Chelsea Montgomery-Duban Waechter, otherwise known as Chelsea Austin, is a writer, speaker and life coach from Malibu, California raised by two of the most incredible parents, her dads. Chelsea has taken her story of being raised by two gay men, and used it as a platform to spread love, tolerance and has advocated for the LGBTQ+ community since she was in high school. In 2010, she was voted one of the Top Fifteen LGBT Activists in the Los Angeles area and graduated Magna Cum Laude from Muhlenberg College in 2015 with a degree in theatre and dance. Chelsea has created a career out of sharing her experiences as the daughter of two gay men and a young woman navigating the world on her blog, “The Girl With Five Names,” her podcast, “Worthiness Warriors,” through speaking engagements, her upcoming course and as she prepares to release her first book surrounding her life, her beliefs and her wish to bring peace, self-love and joy to as many individuals as possible. Chelsea is actively pursuing her life coaching certification and resides in Los Angeles with her incredible husband, Dominic and sweet puppy, Moe. To learn more visit https://chelseaaustin.com/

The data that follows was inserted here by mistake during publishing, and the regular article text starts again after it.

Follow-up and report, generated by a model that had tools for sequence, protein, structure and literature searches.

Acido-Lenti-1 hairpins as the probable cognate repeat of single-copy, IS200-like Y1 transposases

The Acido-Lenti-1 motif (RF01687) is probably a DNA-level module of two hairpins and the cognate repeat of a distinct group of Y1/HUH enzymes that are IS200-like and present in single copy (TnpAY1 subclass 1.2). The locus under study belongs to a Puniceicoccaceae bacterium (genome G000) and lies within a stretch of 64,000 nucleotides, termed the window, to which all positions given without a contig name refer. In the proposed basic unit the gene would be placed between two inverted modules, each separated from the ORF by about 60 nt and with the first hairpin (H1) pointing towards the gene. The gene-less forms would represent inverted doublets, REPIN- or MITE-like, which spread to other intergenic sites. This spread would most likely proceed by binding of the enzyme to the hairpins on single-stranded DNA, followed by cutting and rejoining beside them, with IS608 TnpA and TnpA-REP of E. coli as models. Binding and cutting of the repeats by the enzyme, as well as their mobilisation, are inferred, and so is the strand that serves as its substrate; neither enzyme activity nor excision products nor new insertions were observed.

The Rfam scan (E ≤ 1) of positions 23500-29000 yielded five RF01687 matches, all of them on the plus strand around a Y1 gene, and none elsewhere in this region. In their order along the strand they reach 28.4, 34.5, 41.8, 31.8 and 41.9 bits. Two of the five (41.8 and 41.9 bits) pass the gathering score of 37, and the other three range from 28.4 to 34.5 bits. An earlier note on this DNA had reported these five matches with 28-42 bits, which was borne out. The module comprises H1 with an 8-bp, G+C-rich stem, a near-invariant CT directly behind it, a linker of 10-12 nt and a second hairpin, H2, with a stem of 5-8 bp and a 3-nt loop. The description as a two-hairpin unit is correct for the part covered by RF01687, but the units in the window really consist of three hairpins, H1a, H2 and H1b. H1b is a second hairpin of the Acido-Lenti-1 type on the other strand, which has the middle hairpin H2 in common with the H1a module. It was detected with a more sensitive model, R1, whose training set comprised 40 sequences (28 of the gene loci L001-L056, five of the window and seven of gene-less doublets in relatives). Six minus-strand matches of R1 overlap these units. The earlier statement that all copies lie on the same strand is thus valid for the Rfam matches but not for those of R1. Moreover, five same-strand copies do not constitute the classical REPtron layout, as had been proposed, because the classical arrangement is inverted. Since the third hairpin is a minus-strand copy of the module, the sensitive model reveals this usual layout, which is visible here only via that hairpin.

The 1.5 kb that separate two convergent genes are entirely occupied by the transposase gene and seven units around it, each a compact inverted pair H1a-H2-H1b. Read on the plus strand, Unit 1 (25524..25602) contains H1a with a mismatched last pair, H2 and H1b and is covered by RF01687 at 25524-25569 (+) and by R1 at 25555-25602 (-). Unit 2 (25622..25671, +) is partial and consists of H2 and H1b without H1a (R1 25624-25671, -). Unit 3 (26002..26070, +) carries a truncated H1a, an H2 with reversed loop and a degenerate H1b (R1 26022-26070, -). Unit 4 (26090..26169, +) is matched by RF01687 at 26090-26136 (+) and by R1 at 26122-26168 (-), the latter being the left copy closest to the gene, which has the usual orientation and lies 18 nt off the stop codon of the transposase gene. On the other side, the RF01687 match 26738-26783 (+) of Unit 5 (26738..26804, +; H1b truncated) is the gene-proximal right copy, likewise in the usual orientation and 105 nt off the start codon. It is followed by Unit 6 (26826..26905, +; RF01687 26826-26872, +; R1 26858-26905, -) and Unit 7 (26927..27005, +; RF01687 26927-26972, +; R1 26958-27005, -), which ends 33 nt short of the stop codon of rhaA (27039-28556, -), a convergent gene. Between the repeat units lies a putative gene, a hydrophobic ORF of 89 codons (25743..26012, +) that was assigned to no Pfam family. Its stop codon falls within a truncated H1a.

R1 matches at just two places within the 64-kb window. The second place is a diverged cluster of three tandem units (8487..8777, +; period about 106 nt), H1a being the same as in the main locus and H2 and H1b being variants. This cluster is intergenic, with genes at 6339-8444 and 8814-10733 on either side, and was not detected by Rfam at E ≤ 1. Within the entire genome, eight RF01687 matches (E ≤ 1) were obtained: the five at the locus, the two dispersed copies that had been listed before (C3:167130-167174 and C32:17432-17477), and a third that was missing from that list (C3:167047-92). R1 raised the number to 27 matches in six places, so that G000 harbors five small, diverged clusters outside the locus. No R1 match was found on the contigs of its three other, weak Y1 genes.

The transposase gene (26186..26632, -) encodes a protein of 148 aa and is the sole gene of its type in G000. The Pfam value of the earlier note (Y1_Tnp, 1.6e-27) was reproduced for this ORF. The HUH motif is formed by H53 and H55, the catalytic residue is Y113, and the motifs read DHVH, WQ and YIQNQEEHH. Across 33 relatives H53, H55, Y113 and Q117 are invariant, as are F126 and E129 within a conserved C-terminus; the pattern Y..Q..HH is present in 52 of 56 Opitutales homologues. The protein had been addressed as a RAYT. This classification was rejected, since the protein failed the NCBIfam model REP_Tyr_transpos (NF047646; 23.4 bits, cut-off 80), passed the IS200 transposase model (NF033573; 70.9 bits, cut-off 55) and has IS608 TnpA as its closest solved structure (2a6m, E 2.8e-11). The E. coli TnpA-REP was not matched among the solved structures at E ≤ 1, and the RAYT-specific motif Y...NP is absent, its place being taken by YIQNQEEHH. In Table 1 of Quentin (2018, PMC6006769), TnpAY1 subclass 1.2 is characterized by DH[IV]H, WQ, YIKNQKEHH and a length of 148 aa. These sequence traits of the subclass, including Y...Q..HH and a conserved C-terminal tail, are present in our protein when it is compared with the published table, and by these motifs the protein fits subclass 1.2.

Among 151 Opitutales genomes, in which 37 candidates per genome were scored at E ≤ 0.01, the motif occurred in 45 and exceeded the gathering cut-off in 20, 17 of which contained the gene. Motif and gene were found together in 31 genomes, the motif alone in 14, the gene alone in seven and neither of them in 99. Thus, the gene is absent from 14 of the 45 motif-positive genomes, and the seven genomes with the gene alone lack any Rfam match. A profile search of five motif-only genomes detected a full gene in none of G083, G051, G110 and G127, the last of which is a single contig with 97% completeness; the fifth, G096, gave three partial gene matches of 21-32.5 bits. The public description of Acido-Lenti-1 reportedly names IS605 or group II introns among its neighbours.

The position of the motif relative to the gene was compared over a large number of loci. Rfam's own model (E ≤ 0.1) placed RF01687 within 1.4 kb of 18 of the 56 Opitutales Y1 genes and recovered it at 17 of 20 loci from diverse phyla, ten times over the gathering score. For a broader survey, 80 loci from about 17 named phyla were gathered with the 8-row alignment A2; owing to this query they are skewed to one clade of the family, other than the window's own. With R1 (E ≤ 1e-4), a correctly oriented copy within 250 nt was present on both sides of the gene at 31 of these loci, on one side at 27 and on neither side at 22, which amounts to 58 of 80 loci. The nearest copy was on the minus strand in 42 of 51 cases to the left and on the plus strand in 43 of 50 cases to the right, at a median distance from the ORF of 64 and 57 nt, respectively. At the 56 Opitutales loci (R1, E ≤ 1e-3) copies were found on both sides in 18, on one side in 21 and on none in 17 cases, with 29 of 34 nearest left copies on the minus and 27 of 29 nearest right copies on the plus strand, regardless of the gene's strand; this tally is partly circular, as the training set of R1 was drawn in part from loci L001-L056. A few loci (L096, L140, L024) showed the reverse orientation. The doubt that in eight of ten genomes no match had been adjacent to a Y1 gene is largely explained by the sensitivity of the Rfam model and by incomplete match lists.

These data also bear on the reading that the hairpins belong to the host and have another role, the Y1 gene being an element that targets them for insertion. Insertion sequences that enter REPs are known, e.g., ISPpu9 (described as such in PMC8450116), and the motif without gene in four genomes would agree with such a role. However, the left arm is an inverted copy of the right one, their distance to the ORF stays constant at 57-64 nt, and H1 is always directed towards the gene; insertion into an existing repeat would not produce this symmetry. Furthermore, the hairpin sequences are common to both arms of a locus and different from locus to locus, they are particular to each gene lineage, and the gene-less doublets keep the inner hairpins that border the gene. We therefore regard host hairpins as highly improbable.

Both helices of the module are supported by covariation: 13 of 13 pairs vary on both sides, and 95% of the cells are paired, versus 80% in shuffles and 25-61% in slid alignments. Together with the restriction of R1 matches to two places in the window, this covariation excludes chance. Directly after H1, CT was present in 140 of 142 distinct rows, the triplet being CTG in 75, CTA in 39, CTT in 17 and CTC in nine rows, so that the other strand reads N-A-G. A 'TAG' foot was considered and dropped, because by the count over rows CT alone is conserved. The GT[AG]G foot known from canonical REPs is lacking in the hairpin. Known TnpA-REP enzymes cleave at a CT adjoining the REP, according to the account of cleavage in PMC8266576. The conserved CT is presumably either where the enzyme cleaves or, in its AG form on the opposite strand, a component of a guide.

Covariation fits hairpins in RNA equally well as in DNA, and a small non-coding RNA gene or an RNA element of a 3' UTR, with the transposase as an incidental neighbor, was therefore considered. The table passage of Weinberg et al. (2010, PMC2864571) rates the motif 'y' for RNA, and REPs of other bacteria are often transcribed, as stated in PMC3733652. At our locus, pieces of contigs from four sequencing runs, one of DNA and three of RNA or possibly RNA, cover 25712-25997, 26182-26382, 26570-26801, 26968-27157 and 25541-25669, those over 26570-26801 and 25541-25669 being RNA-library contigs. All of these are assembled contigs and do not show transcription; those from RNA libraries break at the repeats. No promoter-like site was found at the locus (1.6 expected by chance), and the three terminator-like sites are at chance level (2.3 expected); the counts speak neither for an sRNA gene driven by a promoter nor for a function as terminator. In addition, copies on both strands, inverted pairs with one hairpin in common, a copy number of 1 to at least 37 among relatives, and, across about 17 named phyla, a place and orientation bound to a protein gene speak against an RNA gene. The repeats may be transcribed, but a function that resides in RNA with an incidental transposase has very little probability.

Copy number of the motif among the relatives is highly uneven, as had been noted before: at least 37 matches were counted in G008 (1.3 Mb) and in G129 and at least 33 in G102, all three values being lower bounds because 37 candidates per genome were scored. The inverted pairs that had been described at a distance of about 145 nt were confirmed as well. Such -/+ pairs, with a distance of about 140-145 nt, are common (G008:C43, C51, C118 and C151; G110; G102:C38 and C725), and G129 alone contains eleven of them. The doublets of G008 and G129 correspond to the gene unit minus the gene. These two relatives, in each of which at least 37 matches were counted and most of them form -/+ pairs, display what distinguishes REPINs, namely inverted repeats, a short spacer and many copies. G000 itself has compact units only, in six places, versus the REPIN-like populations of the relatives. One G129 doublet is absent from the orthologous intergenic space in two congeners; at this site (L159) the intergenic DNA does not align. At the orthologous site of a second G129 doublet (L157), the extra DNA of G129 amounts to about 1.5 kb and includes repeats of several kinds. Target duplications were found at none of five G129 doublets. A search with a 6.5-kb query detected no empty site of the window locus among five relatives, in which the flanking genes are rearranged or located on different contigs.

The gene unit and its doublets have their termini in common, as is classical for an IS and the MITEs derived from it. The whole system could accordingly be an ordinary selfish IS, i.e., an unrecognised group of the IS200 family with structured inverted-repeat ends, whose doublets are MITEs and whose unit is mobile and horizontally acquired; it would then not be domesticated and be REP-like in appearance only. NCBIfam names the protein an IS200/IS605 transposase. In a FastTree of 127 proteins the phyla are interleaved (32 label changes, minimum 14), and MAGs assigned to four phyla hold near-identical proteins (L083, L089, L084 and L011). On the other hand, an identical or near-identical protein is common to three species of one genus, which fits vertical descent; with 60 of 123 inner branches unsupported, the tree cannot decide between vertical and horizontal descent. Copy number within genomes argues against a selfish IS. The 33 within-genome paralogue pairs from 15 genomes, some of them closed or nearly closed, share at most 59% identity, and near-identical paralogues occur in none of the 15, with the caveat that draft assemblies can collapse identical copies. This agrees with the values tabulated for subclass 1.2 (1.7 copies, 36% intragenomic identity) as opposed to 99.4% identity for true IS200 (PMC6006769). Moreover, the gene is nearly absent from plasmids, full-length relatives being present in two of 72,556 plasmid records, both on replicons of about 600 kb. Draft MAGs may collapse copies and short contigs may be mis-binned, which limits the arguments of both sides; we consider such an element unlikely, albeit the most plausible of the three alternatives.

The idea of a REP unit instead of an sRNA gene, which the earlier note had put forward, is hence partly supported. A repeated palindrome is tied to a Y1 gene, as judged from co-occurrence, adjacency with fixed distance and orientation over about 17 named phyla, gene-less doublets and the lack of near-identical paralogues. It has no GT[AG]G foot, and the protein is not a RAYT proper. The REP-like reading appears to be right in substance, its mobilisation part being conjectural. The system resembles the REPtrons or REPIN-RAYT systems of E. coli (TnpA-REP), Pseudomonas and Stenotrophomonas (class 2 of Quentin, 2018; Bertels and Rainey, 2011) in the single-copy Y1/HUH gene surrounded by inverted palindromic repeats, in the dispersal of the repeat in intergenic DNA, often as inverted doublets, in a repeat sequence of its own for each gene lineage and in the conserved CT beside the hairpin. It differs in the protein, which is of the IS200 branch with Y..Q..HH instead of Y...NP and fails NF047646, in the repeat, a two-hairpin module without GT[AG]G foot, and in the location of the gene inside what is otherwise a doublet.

Where did the idea for Chelsea Austin come from?